Move Over Coal. Renewables Can Power Economic Development in Malawi.
Malawi needs more energy. The electric grid of this African country of 19 million can currently meet around 520 MW of peak demand. In contrast, South Africa, with approximately three times the population, can meet a peak electricity demand around a hundred times that of Malawi.
The result? Many Malawians are left without power to run businesses and perform daily activities essential to sustainable economic development. With only 11 per cent of Malawi’s population having access to electricity in 2019 according to the World Bank, it is among the 20 countries with the largest electricity access deficits in the world.
Although the country desperately needs more generation capacity, when considering the scale and options for grid expansion in Malawi, demand uncertainty and climate change inhibit the country’s ability to plan appropriately. Global climate will not be swayed by building a few more fossil plants at this scale. However, decisions on new generation plants will impact rate payers and the economy for years to come.
Meeting energy needs cost-effectively and reliably is also necessary to achieve the Sustainable Development Goal 7 (SDG7) of affordable and clean energy for all by 2030. That is why it is critical to understand the role that different generation plants, especially renewables, can play in meeting grid needs. Below, we describe how policymakers can help accelerate renewable adoption.
In Malawi, decisions on new generation plants will impact rate payers and the economy for years to come.Tweet
Malawi’s Growing Electricity Demand
As the country continues to develop, electricity demand will grow. Currently, the utility is load shedding due to inadequate supply. The government and the national utility, Electricity Supply Corporation of Malawi Limited (ESCOM), are considering run-of-river hydro, hydro reservoir, solar, wind, coal, and gas as generation expansion options, as well as interconnection with neighboring countries including Mozambique, Tanzania, and Zambia.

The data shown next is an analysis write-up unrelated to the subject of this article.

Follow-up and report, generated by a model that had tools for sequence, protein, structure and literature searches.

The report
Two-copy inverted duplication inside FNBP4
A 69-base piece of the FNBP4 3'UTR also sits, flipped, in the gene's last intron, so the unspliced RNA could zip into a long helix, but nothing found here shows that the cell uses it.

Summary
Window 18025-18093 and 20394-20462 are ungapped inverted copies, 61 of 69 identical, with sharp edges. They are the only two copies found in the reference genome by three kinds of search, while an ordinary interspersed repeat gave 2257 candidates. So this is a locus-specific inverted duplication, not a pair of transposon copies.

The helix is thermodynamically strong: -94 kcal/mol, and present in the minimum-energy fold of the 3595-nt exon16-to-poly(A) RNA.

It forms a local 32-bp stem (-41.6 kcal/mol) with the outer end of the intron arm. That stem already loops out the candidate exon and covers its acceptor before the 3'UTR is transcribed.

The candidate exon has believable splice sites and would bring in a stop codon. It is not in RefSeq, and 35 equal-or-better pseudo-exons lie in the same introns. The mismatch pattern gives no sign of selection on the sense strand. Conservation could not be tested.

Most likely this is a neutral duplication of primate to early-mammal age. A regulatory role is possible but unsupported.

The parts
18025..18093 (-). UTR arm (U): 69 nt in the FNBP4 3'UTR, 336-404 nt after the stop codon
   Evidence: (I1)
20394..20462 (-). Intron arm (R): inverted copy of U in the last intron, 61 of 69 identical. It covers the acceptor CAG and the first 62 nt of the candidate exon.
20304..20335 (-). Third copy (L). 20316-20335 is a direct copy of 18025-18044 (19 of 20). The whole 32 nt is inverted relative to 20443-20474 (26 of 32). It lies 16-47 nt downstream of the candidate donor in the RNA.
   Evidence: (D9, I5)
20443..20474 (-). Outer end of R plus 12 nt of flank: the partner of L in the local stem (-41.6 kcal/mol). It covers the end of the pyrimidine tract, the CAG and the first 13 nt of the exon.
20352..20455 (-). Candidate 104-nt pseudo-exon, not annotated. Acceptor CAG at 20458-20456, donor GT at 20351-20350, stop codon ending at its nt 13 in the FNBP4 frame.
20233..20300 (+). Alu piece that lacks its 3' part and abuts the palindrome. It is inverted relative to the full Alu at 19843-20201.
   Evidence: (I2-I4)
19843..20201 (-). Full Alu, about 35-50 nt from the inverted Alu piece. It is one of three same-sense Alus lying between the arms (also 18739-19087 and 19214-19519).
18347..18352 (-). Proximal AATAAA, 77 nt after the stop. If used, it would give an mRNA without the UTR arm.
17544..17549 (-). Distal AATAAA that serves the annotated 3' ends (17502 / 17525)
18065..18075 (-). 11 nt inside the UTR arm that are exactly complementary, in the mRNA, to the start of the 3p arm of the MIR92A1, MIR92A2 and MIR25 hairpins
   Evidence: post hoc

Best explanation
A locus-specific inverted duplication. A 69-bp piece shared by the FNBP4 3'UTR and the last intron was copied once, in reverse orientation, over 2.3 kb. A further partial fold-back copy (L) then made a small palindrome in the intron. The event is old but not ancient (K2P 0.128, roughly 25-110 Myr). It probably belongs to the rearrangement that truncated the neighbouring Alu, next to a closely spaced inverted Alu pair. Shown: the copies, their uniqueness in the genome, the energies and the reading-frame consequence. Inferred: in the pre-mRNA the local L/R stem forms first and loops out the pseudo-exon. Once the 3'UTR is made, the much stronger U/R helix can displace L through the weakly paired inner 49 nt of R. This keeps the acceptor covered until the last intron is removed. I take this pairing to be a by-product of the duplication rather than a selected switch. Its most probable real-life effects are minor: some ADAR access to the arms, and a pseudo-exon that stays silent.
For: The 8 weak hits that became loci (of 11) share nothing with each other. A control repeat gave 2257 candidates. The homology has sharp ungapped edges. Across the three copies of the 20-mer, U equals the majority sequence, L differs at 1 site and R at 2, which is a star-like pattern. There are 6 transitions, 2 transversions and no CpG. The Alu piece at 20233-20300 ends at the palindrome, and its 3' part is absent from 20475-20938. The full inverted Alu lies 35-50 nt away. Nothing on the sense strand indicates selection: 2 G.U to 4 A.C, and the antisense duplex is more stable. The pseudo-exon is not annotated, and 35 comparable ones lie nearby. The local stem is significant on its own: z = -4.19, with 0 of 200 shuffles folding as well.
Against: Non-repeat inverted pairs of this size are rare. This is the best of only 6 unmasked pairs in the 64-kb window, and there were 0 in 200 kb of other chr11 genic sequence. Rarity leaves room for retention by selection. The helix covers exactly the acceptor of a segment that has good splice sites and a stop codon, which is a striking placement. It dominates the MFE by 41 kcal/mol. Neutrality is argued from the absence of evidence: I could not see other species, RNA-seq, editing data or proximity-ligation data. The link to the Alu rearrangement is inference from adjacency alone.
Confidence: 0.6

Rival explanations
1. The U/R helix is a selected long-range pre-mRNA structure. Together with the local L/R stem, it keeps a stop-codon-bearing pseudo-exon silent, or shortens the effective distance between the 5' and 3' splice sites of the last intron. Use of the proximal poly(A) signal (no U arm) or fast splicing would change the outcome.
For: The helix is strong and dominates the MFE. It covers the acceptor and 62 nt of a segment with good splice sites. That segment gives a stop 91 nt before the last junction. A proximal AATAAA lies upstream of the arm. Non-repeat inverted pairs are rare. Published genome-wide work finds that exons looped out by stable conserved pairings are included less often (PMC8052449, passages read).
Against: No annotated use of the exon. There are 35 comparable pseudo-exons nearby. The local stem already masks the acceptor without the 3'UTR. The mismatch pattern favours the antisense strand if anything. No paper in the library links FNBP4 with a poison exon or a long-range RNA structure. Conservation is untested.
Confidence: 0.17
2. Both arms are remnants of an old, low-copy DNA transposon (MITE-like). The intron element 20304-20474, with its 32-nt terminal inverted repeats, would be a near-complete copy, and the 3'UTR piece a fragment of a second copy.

RMI partnered with UN Office of the High Representative for the least developed countries, landlocked developing countries and small island developing states (UN-OHRLLS) on a project to support least developed countries (LDCs) in achieving SDG7. As part of this project, Malawi was selected as a pilot country to support the government and decision makers in the energy sector on modeling generation expansion options, to understand cost comparisons between different generation mixes and whether a renewable-heavy grid can reliably meet demand.
Electricity demand in Malawi is projected to reach up to three times current levels by 2030 but there is huge uncertainty in how much growth to plan for. In many developing regions, high growth of electricity demand has not materialized. This may be because of slower development pathways or because some parties are incentivized to overstate growth.
Historically in Malawi, new mining industry load has been predicted to significantly increase demand on the grid. However, this has not happened. Therefore, the flexibility in grid planning to be able to respond to changes in demand is critical, as overbuilding generation infrastructure brings serious financial risk for the utility.
Run-of-river hydro makes up 75 percent of Malawi’s grid capacity, with the remainder being diesel generators. This generation mix carries some risk as future hydro potential in the region is uncertain, with some climate models forecasting that river levels will rise while others project levels will fall.
Meanwhile, the diesel peaking plants that were brought on line to meet growing demand have high costs and adverse environmental impacts. We believe that renewable energy can reliably and cost-effectively meet electricity demand and stimulate economic growth in Malawi.
Coal Does Not Provide Unique Grid Value
Some people in the industry have suggested that coal for base load generation is necessary for Malawi’s grid expansion. However, the term “base load” is becoming increasingly outdated. It was used in the past to describe the constant demand on the grid that was met by coal and nuclear plants running continuously at a steady rate. As grids modernize, cost-effective and climate-friendly options are now readily accessible to meet demand reliably without needing to provide base load.
For example, in the US state of Indiana, a major utility, Northern Indiana Public Service Company (NIPSCO), is planning to replace all its coal plants with wind and solar generation. It is estimated that this will save customers US$4 billion over the lifetime of the renewable projects compared with relying on existing coal or investing in new gas plants. In Chile, the Valhalla project, a planned solar PV plant coupled with pumped hydro storage, will provide continuous power, avoiding a fossil base-load plant.
Building coal plants is risky as most coal plants globally are predicted to lose money within the next 20 years due to falling renewable costs, air pollution regulations, and carbon pricing. This could mean early retirement of coal plants, which would impact ratepayers. Also, coal plants are large generation projects that allow less flexibility if demand does not materialize at the rate it is projected.